If money was no object, I asked Caitlin which of the original gadgets would she have liked to see on the Scalextric Batmobile, “There are so many amazing gadgets to choose from! I think it would be fun to have working parachutes and a guide blade that would allow you to make quick 180-degree bat turns, especially if the lever inside the cockpit moved when they were activated!”
That would have been amazing fun, but I had to make-do with a standard no-gadget slot car to test drive on my Jadlam SL6 layout…
As you can see, the Scalextric Batmobile looks awesome cruising round the track – especially with the glow of the headlights at the front. I’d sort of hoped the rocket thruster at the rear would also light up, but no… that’ll be a fun modification when I have my own car to play with. The orange LEDs are waiting…
I can tell you, no villains are going to escape justice with the Scalextric Batmobile around – it is really quick! The powerful F1 motor is tempered by a strong traction magnet (55.7g on my DIY downforce gauge) positioned under the rear axle. The combination of the slim-can F1 motor and the strong magnet does mean the Batmobile benefits from a smooth driving technique, otherwise it can be overly-twitchy and difficult to control.
I thought the length of the car (96mm from guide pivot to rear axle) might make a tight Radius 1 hairpin somewhat tricky, but it was absolutely fine through the ninety-degree radius 1 corner on my SL6 layout. The ridged tyres grip very nicely straight from the box, giving plenty of traction in the corners. If anything, there was too much grip, making it difficult to get the back out how I like it – although I did manage some nice slides as the tyres picked up a bit of dust.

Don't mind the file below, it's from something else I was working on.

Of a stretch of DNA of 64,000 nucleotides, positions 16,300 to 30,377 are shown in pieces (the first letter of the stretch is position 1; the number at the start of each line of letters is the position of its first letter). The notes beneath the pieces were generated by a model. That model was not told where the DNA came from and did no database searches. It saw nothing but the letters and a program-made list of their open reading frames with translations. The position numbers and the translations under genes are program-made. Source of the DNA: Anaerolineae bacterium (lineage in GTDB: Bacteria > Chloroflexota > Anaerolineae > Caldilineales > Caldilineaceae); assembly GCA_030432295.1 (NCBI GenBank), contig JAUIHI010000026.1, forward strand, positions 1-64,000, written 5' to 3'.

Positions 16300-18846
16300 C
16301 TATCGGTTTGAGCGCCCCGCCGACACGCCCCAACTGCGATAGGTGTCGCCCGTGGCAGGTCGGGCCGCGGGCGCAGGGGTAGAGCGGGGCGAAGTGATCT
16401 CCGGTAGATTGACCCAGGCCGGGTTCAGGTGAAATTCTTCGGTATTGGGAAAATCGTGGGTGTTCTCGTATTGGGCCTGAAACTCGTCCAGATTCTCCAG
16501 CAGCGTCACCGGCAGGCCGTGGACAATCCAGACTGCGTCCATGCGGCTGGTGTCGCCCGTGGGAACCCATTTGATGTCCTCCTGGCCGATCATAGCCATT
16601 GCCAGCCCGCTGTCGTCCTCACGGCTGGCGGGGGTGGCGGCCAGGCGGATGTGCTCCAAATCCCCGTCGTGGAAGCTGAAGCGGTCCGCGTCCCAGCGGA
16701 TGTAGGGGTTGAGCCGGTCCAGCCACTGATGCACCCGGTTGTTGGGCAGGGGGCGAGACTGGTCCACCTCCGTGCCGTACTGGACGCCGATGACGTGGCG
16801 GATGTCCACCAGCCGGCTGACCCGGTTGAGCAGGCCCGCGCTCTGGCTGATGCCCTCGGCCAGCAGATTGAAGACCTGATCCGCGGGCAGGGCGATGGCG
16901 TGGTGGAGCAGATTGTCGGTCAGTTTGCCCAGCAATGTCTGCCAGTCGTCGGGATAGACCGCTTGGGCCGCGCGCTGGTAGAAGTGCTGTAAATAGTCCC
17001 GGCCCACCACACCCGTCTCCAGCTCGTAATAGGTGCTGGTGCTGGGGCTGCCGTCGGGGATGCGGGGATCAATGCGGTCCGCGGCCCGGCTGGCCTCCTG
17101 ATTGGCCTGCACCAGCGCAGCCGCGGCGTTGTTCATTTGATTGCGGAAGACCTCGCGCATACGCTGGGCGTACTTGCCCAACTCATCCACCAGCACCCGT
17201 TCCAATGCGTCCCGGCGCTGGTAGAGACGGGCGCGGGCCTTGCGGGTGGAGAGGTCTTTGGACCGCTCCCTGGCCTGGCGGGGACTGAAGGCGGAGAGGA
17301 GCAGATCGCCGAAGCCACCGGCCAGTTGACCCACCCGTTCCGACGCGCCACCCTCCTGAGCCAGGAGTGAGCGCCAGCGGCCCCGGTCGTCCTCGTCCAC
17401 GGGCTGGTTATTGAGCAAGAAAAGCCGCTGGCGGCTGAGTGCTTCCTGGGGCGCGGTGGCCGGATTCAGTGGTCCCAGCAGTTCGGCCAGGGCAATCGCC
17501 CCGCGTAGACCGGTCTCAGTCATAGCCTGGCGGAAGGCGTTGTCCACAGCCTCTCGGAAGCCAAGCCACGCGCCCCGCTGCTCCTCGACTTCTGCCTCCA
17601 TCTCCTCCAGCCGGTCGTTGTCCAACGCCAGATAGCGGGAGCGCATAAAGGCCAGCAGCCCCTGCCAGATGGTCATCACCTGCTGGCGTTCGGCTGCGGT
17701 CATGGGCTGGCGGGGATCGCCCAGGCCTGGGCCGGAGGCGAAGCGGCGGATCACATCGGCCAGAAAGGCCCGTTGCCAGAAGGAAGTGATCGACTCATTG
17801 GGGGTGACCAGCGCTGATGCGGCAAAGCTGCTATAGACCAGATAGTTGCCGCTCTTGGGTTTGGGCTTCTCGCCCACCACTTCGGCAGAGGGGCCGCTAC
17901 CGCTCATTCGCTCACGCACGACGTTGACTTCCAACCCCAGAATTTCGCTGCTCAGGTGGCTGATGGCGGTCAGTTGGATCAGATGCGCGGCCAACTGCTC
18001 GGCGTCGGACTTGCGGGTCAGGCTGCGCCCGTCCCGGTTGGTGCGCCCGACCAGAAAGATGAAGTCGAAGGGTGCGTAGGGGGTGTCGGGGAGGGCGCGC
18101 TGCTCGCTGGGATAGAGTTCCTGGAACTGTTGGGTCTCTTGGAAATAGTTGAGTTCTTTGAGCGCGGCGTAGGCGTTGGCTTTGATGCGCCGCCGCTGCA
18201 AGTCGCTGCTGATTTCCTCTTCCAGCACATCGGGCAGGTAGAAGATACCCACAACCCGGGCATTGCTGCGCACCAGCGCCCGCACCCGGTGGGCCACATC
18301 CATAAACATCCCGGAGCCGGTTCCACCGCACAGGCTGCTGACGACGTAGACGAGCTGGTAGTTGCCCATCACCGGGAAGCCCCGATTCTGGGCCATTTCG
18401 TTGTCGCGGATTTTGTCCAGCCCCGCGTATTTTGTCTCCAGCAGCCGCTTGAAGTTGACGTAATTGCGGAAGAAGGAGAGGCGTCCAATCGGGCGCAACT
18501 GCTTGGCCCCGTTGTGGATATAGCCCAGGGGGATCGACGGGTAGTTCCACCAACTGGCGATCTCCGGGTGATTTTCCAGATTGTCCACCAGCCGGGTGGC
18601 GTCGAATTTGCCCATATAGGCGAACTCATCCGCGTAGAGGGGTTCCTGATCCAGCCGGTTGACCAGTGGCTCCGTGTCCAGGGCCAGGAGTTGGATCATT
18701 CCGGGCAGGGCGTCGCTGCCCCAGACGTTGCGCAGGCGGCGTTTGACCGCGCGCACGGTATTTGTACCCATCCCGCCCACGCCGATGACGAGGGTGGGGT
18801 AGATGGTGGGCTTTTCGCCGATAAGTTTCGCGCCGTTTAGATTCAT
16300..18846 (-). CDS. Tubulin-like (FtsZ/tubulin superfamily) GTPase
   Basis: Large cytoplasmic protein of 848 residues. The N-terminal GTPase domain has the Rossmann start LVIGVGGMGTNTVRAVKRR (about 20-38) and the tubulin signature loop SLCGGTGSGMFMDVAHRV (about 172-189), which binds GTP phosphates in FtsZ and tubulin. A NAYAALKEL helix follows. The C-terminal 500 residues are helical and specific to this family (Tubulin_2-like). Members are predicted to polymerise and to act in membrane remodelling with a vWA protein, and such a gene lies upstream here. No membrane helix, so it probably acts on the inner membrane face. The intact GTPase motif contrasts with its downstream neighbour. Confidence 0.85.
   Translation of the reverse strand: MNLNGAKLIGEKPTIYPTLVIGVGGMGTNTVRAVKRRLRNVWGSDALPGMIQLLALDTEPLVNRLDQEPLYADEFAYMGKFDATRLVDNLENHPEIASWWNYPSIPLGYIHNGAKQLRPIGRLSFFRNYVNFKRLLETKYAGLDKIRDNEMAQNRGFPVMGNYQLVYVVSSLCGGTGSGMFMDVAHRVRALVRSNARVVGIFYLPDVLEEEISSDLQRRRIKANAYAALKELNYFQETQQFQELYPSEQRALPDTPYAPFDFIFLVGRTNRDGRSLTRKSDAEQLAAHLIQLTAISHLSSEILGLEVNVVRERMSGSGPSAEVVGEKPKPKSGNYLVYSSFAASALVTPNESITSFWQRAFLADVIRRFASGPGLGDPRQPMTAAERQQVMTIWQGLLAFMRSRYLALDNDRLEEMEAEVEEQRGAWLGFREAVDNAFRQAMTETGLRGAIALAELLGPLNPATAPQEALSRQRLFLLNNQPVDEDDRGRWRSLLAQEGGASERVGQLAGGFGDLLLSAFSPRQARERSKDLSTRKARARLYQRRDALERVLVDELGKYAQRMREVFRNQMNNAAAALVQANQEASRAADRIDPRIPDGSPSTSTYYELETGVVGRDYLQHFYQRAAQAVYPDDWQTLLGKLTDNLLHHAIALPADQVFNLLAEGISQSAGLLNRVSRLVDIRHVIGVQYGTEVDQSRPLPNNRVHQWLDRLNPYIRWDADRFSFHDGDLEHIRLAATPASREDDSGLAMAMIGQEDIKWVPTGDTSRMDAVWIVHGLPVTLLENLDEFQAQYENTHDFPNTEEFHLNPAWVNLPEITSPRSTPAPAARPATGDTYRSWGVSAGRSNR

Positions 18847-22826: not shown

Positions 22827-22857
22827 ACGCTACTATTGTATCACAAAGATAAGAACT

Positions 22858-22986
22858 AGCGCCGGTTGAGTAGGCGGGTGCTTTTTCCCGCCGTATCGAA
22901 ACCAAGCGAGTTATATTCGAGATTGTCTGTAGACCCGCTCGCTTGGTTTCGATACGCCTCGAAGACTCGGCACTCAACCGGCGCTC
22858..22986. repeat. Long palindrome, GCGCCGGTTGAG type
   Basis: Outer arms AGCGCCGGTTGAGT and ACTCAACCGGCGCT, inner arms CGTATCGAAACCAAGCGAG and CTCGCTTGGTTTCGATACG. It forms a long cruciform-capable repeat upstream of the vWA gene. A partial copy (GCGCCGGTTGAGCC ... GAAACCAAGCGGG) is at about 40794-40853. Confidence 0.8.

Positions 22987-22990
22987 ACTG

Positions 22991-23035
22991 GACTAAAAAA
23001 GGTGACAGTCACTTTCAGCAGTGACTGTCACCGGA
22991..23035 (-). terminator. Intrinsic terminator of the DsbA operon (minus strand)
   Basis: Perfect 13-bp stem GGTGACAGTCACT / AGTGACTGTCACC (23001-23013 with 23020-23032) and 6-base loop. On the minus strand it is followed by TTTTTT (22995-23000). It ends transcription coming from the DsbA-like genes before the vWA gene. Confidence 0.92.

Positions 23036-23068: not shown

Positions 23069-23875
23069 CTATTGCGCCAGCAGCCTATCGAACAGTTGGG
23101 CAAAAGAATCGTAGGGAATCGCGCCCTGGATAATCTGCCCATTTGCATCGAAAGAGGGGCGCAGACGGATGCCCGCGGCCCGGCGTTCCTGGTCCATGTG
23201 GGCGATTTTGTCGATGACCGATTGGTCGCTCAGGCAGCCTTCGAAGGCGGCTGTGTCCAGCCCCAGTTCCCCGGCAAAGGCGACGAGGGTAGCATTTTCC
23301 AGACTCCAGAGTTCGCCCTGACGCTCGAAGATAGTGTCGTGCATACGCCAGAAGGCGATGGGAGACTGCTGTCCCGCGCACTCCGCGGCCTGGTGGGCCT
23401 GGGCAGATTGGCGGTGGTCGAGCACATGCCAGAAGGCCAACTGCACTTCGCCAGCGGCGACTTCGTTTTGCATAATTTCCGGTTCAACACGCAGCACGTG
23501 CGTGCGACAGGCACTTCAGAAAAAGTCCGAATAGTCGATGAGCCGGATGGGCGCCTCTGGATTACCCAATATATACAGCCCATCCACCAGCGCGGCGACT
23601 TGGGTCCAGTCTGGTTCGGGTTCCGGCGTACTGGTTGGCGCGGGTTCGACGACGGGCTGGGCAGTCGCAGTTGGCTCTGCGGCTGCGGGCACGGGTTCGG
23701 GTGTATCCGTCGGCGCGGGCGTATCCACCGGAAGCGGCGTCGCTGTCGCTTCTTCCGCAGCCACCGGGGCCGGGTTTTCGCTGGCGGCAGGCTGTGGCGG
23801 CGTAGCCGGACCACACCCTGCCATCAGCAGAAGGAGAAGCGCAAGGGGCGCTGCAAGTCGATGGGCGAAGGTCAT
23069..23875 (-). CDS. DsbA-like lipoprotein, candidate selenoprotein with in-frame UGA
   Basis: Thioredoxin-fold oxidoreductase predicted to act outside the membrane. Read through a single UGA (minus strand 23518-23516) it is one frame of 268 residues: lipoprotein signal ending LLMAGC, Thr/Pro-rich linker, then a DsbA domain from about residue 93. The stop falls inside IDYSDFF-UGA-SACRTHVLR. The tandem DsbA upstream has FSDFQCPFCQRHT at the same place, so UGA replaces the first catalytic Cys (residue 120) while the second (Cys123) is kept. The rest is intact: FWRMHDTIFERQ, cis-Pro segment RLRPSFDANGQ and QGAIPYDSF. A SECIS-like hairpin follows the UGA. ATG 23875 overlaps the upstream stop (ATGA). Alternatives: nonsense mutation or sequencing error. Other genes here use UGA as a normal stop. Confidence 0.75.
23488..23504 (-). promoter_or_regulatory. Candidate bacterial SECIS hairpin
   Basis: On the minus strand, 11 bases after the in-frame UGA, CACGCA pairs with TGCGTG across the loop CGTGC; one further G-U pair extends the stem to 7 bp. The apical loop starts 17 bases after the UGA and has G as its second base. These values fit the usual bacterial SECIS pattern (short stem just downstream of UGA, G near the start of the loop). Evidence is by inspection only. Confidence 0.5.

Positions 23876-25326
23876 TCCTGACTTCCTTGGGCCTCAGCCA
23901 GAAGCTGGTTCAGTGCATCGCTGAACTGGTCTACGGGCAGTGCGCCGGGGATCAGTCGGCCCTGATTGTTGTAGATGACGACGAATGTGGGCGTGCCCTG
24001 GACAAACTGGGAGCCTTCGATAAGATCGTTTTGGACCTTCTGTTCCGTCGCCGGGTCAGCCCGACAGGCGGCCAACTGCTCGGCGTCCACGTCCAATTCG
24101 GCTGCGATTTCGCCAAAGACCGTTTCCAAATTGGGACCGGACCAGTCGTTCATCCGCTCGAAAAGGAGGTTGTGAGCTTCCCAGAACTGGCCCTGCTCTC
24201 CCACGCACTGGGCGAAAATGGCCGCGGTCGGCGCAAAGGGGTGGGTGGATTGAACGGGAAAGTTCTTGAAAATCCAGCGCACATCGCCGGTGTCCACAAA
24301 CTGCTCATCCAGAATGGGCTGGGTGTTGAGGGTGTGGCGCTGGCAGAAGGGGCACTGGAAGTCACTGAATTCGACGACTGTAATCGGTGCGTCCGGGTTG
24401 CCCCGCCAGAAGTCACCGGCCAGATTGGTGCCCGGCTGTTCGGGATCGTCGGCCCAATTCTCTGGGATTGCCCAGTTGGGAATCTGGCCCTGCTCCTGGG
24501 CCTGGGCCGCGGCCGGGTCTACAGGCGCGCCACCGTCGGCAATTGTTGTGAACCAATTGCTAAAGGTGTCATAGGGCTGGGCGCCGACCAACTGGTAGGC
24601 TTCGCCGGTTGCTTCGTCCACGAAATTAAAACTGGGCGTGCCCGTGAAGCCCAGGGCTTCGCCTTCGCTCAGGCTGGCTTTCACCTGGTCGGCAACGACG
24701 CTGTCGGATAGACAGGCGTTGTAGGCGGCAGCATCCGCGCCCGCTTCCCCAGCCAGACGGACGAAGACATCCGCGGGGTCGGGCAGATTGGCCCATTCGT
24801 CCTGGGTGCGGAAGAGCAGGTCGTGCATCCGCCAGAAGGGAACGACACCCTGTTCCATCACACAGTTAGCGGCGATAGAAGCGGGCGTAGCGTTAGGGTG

Setting up a two-minute run on the ARC app, I managed 20 laps and a best lap time of 5.34 seconds. Pretty good considering I hadn’t done any of my normal performance tweaks and I was taking it reasonably gently; I really didn’t fancy explaining to Caitlin and her colleagues how I’d smashed up their new car! That performance compares with 24 laps and 4.65 seconds for the benchmark Porsche 911 RSR and 22 laps laps and 4.92 seconds for the rapid ‘classic’ Ford Capri Mk3 – both of them tweaked and both timed at the same test session as the Batmobile.
All-in-all I think the Scalextric team have knocked it out of the park with their Batmobile. With its cool packaging, the model is going to look great on display – and will prove great fun on the track. The amazing detail might be vulnerable if it’s driven really hard, but that’s a perfect reason to order yourselves two…
The Scalextric C4175 Batmobile is on schedule to be delivered to retailers in March 2021 and can be pre-ordered here: www.jadlamracingmodels.com/scalextric-slot-car-c4175-batmobile-1966-tv-series/
A very big thank you to Caitlin and the rest of the Scalextric team for sending me the pre-production sample and for answering my questions.